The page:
The ability for an airplane to fly 18, and soon 19 or 20 hours non-stop is wonderful if you enjoy a very long airplane ride.  But many would rather not be stuck in a seat for 20 hours, even in a full sleeper business class seat.  Personally, a 2-hour connection that allows me to stretch my legs, do a bit of shopping, or relax in a lounge before traveling onward is a much better solution than an 18-hour marathon flight.  I’d rather take an 8 and a 10, with a couple hours in between, but arrive a bit less frazzled.  I like to stretch my legs and breathe fresher .

The Availability of Connecting Service and Competition

Connecting flights are generally available through multiple , while long-haul non-stops are typically monopoly routes.  Often, taking a connection is less expensive, as a yield premium for nonstop flights exists in many markets.  Competition and lower provide another incentive for connecting versus non-stop ultra long-haul operations.

For ultra-long haul routes, business yields are critical.  Filling the premium cabins with time-sensitive travelers is the key to financial success.  But how much time and productivity is actually saved with ultra long-haul flights?

A business traveler might be able to eight hours on the flight and attempt to adjust to a new time zone.  But even a sleeper seat and a long snooze can’t eliminate changed circadian rhythms or eliminate jet lag entirely.  Arriving in time to go straight to work the next business day can be important for some, but most business travelers recognize that at least some transition time, usually arriving the day before a meeting, is necessary for peak performance.  How much difference does another couple hours really make?

Passenger comfort is another factor in long-haul markets, and Emirates has exploited the A380, and its high level of passenger preference, at its Dubai hub.  Ultra-long haul aircraft tend not to be as comfortable as the super-jumbos, which is quite important in economy class or higher yield premium economy.  Many economy passengers prefer the trade-off between comfort and a stop and the convenience of a non-stop flight.  In business class, the differential isn’t as great.

Ultra-Long Haul Aircraft Have Limited Demand and Low Residual Values

The market for ultra-long haul airplanes has also been quite limited.  The A340-500 was a market failure, as is the 777-200LR, with fewer than 100 aircraft produced between them.  The demand for an ultra-long haul aircraft simply isn’t there, and the residual values for those type of aircraft are typically quite limited.  From the 747SP to the A340-200 to the A340-500 and 777-200LR, they have typically, within a decade of introduction, been replaced by larger aircraft with an equal that rendered them uneconomic.  A sane fleet planner would say no, or ensure a short-term lease to avoid being locked into a soon to be obsolete aircraft.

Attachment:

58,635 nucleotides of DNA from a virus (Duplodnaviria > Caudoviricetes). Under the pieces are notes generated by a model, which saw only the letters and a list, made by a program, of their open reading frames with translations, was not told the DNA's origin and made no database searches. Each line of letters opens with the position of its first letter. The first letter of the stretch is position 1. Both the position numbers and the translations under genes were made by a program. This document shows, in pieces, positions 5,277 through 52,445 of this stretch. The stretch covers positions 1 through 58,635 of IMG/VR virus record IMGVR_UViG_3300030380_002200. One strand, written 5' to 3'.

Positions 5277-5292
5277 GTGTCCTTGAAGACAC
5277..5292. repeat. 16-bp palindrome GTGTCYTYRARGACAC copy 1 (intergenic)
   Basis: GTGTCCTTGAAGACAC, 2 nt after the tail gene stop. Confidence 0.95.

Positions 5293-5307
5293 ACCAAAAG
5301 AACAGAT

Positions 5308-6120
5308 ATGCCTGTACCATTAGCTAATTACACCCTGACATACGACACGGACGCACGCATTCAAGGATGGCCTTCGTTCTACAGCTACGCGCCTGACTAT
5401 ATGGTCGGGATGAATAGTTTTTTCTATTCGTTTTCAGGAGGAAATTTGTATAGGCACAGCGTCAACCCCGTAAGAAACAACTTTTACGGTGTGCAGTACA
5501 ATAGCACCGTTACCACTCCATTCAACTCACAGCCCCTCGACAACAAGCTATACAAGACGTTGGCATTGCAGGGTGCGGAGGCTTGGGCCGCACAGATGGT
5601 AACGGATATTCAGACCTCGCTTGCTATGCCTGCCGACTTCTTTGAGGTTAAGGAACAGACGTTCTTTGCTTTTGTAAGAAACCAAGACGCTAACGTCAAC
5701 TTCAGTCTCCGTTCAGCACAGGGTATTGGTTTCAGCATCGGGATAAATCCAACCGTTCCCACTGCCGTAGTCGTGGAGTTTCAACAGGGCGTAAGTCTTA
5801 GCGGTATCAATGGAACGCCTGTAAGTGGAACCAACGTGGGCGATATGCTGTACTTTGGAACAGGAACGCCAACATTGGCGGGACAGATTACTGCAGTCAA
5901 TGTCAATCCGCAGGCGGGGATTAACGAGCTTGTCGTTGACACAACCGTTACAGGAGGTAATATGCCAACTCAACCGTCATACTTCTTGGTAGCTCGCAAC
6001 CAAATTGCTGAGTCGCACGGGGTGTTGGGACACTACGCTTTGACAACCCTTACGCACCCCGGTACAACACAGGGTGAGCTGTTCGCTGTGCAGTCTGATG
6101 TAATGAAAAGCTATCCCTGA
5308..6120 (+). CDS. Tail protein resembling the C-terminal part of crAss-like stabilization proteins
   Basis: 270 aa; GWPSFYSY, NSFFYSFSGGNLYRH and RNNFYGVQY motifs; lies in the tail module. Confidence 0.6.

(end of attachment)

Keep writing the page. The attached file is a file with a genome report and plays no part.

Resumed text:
Without a compelling reason to operate a long non-stop flight (e.g. very high yields) it makes no sense to invest in an ultra-long-haul aircraft that history tells us will be rendered technologically obsolete during the first half of its potential operating life.

The Gulf Three Benefit from Geography

Location is a substantial element in the attractiveness of the Gulf Three, who have a geographic advantage in being a connecting point on the Silk Road between Europe and Asia, and now Africa, North America, and to Asia as well.  The bulk of global trade flows along this path.  The Gulf carriers are capitalizing on their locational advantage.

Leveraging that geographic advantage with new aircraft, superb service, and new airports with modern amenities, translates into for the Gulf Three and their connecting hubs in Doha, Dubai, and Abu Dhabi.   The attractiveness of this combination is such that Emirates, for example, is able to routinely fill A380s while competing airlines struggle to do so.  The combination of geography and passenger preference makes long-haul connecting flights work well.

The Bottom Line:
While operating the world’s longest flight is interesting, it makes sense only if one can earn an appropriate return on the investment in aircraft and infrastructure.  There is the risk in acquiring an aircraft that will turn out to be uneconomic in a few short years.  Does it make financial sense for an aircraft OEM to create those variants for just a few potential orders?  Does it make sense for leasing companies to acquire assets that are most likely to rapidly decline in value?  Does it make sense to offer non-stop service simply because it can be done, or should the economic contribution to the bottom line be the primary decision metric?

With speeds currently limited using subsonic aircraft, the ability to extend a flight may soon be much longer than the normal human can spend in the air, potentially confined to space constraints and the atmosphere inside an aircraft for 20 hours.  For me, until we can cut that time down with an SST, I’d rather stop, stretch my legs, and connect to a different aircraft.  Let us know if you agree in the following poll:

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